Why supplement with BCAA's?

I read up a little bit about supplementation of BCAA's and it makes sense why they could be useful to use before, during, and after their workouts. But I also read up a little bit about proteins and their amino acid profiles and it shows that most proteins already have the BCAA's in them and enough of it. So for that reason I don't understand why one would need to further supplement with BCAA's if there are already consuming enough protein around their workout times. The best example I can think of is for me for example, I like to have protein shakes before and after my workouts.

Is there any reason why one would need to have more BCAA's during those times if they were already getting enough from the protein? Or does the idea of supplementing with BCAA's already assume that you aren't getting enough around those times?

DrSquat's picture

The role of BCAA's in

The role of BCAA's in exercise

The branched-chain amino acids (i.e. leucine, isoleucine and valine) constitute approximately one-third of skeletal muscle protein [53]. An increasing amount of literature suggests that of the three BCAAs, leucine appears to play the most significant role in stimulating protein synthesis [54]. In this regard, amino acid supplementation (particularly the BCAAs) may be advantageous for the exercising individual.
A few studies reported that when BCAAs were infused in humans at rest, protein balance increases by either decreasing the rate of protein breakdown, increasing the rate of protein synthesis or a combination of both [55,56]. Following resistance exercise in males it has been shown that the addition of free leucine combined with carbohydrate and protein led to a greater increase protein synthesis as compared to taking the same amount of carbohydrate and protein without leucine [57]. However, the majority of the research relative to leucine ingestion and protein synthesis has been conducted using animal models. Similar research needs to be conducted in healthy individuals engaging in resistance exercise.
BCAA ingestion has been shown to be beneficial during aerobic exercise. When BCAAs are taken during aerobic exercise the net rate of protein degradation has been shown to decrease [58]. Equally important, BCAA administration given before and during exhaustive aerobic exercise to individuals with reduced muscle glycogen stores may also delay muscle glycogen depletion [59]. When BCAAs were given to runners during a marathon it improved the performance of "slower" runners (those who completed the race in 3.05 h-3.30 h) as compared to "faster" runners (those who completed the race in less than 3.05 h) [60]. Although there are numerous reported metabolic causes of fatigue such as glycogen depletion, proton accumulation, decreases in phosphocreatine levels, hypoglycemia, and increased free tryptophan/BCAA ratio, it is the increase in the free tryptophan/BCAA ratio that may be attenuated with BCAA supplementation. During prolonged aerobic exercise, the concentration of free tryptophan increases and the uptake of tryptophan into the brain increases. When this occurs, 5-hydroxytryptamine (a.k.a. serotonin), which is thought to play a role in the subjective feelings of fatigue, is produced. Similarly, BCAAs are transported into the brain by the same carrier system as tryptophan and thus "compete" with tryptophan to be transported into the brain. Therefore, it is believed that when certain amino acids such as BCAAs are present in the plasma in sufficient amounts, it theoretically may decrease the uptake of tryptophan in the brain and ultimately decrease the feelings of fatigue [61,62].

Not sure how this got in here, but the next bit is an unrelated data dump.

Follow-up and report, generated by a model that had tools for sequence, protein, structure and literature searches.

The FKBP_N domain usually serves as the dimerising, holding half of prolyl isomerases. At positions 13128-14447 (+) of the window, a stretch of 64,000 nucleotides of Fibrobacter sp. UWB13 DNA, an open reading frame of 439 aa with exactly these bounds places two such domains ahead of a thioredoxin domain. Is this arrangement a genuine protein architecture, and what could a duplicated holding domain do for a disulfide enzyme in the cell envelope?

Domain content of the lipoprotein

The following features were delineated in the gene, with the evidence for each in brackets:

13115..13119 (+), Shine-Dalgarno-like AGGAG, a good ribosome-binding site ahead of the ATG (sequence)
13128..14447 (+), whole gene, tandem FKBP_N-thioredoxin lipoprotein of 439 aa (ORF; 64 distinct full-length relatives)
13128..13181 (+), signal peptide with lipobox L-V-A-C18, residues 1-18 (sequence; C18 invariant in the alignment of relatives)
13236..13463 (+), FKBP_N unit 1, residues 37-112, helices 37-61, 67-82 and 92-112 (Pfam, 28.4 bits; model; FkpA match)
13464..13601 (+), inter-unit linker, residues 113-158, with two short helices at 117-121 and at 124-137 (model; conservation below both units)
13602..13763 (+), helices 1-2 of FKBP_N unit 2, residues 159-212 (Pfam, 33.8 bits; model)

Furthermore, there is also research to suggest that BCAA administration taken during prolonged endurance events may help with mental performance in addition to the aforementioned performance benefits [60]. However, not all research investigating BCAA supplementation has reported improvements in exercise performance. One such study [63] reported that leucine ingestion taken before and during anaerobic running to exhaustion (200 mg/kg of body weight) and during a strength training session (100 mg/kg of body weight) did not improve exercise performance. Reasons for discrepant results are not clear at this time, but at the very minimum, it seems apparent that supplementation with BCAAs does not impair performance.
Because BCAAs have been shown to aid in recovery processes from exercise such as stimulating protein synthesis, aiding in glycogen resynthesis, as well as delaying the onset of fatigue and helping maintain mental function in aerobic-based exercise, we suggest consuming BCAAs (in addition to carbohydrates) before, during, and following an exercise bout. It has been suggested that the RDA for leucine alone should be 45 mg/kg/day for sedentary individuals, and even higher for active individuals [53]. However, while more research is indicated, because BCAAs occur in nature (i.e. animal protein) in a 2:1:1 ratio (leucine: isoleucine: valine), one may consider ingesting ≥ 45 mg/kg/day of leucine along with approximately ≥ 22.5 mg/kg/day of both isoleucine and valine in a 24 hour time frame in order to optimize overall training adaptations. This will ensure the 2:1:1 ratio that appears often in animal protein [64]. It should not be overlooked that complete proteins in whole foods, as well as most quality protein powders, contain approximately 25% BCAAs. Any deficiency in BCAA intake from whole foods can easily be remedied by consuming whey protein during the time frame encompassing the exercise session; however, an attempt should be made to obtain all recommended BCAAs from whole food protein sources.

wlewisj's picture

Charles, I think you are


I think you are fine if your protein is high in BCAA's. I do not like to take protein shakes before or during workouts so I take 5-10 grams of BCAA's during my workout.

Willis Lewis, Jr.
"The man that dreams success is already successful"